The answer to that and other questions about local temperature and weather conditions on any day in the past decade is now being provided by an Augusta Chronicle database.
Using data gathered through a state program, which is now in danger of being eliminated because of money shortages, The Chronicle has built a database of daily local weather temperatures and rainfall since 2000. The database will be updated weekly.
The College of Agricultural and Environmental Sciences at the University of Georgia created a system of weather stations 20 years ago and has kept up the Web site, georgiaweather.net, that provides in-depth weather information through 81 weather stations.
The data collected at the Dearing weather station were selected for The Chronicle’s analysis and database because it is the closest station in an area most like Augusta. By going online, readers can see for themselves how temperatures and rainfalls compare on a daily, monthly or yearly basis.
The Chronicle’s analysis found that so far in 2011, local residents sweltered in temperatures at or above 100 degrees on nine days. Only 2007 had more 100-degree days, 10.
The area hit 100 degrees early in the year, by June 21, which was the second earliest recorded. The highest minimum temperature recorded this year was 79 degrees on Aug. 4.
This year had more days with temperatures in the 90s or higher than any year in the past decade, 114 days.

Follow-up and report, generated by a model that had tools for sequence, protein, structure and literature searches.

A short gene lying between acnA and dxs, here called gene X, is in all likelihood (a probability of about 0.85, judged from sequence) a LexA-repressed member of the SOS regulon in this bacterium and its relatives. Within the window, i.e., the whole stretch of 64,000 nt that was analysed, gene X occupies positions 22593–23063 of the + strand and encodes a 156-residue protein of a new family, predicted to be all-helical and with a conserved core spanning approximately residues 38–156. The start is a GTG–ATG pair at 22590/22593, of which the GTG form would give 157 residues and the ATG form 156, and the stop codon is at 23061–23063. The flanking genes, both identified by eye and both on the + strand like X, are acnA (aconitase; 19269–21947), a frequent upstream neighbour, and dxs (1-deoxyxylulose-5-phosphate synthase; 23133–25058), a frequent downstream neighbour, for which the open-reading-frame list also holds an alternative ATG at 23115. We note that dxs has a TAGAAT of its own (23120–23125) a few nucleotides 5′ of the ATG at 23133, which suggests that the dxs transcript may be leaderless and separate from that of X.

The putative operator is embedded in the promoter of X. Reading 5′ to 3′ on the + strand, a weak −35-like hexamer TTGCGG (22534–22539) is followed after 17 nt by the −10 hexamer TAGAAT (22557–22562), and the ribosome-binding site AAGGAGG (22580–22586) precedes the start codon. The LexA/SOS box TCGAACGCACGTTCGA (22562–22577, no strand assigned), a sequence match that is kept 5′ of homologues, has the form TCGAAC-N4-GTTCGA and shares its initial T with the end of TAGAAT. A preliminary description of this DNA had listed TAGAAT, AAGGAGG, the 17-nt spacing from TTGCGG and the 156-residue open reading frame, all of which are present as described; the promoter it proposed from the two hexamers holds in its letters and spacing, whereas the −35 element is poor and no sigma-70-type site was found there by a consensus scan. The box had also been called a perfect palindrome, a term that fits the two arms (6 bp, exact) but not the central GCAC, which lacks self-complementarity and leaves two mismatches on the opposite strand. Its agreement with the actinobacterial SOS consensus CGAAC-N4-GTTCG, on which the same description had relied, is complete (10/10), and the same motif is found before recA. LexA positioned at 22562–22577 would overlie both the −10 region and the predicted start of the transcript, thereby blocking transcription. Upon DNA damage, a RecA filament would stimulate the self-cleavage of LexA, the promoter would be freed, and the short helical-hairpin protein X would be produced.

Since 2000, the total days with temperatures over 90 fluctuated up and down, but the years with the most days of 90-plus temperatures was 2011, and 2010 with 104 days.
The number of days in a year when the minimum temperature was equal to or below freezing, 32 degrees, has been 28 so far this year – the least number of such days recorded since 2000.
If this year seemed dryer than normal even for drought conditions, at the Dearing station it certainly has been. Only 23.83 inches of rain has been recorded so far this year.
The most rainfall, 61.33 inches, was recorded in 2009.
This year had the fewest number of days where the total amount of rainfall equaled one inch or more – 14 days. In 2010, the total number was 29 days.
Those in Georgia’s agribusiness – the state’s top industry – find the georgiaweather.net site crucial, according to the university’s Extension Service county agents.
The Georgia Automated Environmental Monitoring Network functions on an estimated $300,000 a year. If funding isn’t restored, the daily information and the historic data will be lost.
Now the network is operating on a month-to-month basis, E. Dale Threadgill – the director of engineering faculty and head of the biological and agricultural engineering department at the university – wrote in an e-mail. “We have received no commitment for long-term funding.”
By the way, the high on July 8, 2002 was 93.